U.S. Must Lead Renewables

The U.S. must work harder at becoming a leader in the alternative energy industry. There is so much innovation and potential for the success of green technologies, but there just isn’t enough capital available to support our entrepreneurs.

Countries like Germany, Japan and China… have all surpassed us in development (most specifically in solar cell production), and are well on their way to operating more sustainably and reducing dependence on fossil fuels.

Germany has also served as a great example for one of the most effective incentive plans for renewable energy, the feed-in-tariff (FIT), which states that utilities must buy green power at much higher prices than standard market rates. Even with the economic downturn, which has affected all markets worldwide, Germany has still been able to increase solar energy growth by 20-30% per year. ::continue::

A few years ago Portugal even took the initiative to build the world’s first-ever commercial wave farm, Aguçadoura (using wave energy, important to know there are two types – tidal and wave) which was in full operation last September. Portugal is also home to Europe’s largest operating wind farm , and the world’s largest solar photovoltaic farm.

The recent partnership with China finalized by U.S. Secretary of Energy Steven Chu will hopefully spur more growth in the worldwide energy industry, but progress from positive alliances such as this are still guaranteed to take time, which is a dwindling resource .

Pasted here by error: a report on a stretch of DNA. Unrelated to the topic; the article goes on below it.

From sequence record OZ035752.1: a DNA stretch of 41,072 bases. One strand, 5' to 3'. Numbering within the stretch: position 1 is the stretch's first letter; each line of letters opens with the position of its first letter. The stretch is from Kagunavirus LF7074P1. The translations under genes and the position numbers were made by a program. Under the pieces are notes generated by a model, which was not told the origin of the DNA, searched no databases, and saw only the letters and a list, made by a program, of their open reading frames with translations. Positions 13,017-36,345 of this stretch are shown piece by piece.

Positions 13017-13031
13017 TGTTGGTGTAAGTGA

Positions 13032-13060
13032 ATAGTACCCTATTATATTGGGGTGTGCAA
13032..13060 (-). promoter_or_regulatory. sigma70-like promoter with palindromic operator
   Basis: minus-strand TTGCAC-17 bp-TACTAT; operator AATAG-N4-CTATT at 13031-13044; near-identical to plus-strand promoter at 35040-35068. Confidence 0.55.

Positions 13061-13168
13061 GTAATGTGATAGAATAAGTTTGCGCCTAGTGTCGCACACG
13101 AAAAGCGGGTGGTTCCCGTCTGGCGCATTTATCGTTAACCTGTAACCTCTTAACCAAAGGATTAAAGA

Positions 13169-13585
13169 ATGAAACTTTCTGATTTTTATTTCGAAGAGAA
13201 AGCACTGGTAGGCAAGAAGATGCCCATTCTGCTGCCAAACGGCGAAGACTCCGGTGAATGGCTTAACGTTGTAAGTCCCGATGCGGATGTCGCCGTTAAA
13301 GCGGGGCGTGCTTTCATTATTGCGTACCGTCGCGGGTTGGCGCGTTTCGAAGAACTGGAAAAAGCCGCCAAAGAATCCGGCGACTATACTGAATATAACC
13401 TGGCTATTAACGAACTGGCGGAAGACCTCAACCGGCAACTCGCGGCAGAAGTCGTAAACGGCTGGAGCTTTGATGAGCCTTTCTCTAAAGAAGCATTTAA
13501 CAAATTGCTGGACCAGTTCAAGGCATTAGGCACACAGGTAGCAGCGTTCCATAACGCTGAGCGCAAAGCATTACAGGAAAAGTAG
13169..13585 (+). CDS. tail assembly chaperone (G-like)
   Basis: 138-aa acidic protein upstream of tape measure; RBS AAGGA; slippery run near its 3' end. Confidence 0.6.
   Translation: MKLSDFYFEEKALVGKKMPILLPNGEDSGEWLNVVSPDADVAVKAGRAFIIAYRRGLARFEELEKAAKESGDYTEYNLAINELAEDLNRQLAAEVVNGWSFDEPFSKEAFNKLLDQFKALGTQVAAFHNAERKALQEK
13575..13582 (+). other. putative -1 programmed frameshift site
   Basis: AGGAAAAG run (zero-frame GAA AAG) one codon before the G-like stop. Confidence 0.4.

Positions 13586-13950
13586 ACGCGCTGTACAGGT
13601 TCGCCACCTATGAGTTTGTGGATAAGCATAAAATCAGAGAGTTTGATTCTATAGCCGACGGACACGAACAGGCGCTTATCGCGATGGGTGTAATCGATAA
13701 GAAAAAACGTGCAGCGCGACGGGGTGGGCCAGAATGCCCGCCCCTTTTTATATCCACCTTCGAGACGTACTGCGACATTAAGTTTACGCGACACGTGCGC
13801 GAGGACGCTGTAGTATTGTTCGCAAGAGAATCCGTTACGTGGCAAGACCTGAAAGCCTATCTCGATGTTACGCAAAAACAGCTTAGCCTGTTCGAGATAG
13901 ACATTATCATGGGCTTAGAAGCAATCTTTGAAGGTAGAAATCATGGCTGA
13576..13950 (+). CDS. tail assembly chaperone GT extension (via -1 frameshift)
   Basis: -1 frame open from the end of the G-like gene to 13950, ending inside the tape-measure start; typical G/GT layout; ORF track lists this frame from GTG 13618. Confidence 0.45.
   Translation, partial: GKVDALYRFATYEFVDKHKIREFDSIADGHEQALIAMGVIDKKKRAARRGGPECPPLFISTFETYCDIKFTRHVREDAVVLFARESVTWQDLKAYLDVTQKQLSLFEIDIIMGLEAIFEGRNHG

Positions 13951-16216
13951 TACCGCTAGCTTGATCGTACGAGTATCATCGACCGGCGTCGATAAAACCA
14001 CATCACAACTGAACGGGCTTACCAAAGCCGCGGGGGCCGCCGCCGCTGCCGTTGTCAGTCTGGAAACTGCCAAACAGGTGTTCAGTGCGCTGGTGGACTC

I think it’s generally believed the U.S. is considered the worlds leading country. And if the U.S. doesn’t wake up and start leading the renewable energy industry, then renewable technologies will never be able grow at the rate they need to be. I’m not only speaking about the government, because I do believe that President Obama and Secretary Chu are making good progress towards sustainability. I’m talking about the American people. The entire nation must be educated about renewable energy in order to understand why we must change our habits now, and not later. People are scared to support renewables because they don’t understand them, and this fear is something holding America back from leading the renewable energy industry.

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Jen Lynch is a public relations professional in New York City and a solar enthusiast. Her goal is to educate others on renewable energy technologies by working with green companies and other entrepreneurs and through writing, social media and PR. Jen is a graduate of the S.I. Newhouse School of Public Communications and Martin J. Whitman School of Management. You can follow her on Twitter @jenlynch, or email her at jen.lynch@definitionbam.com.

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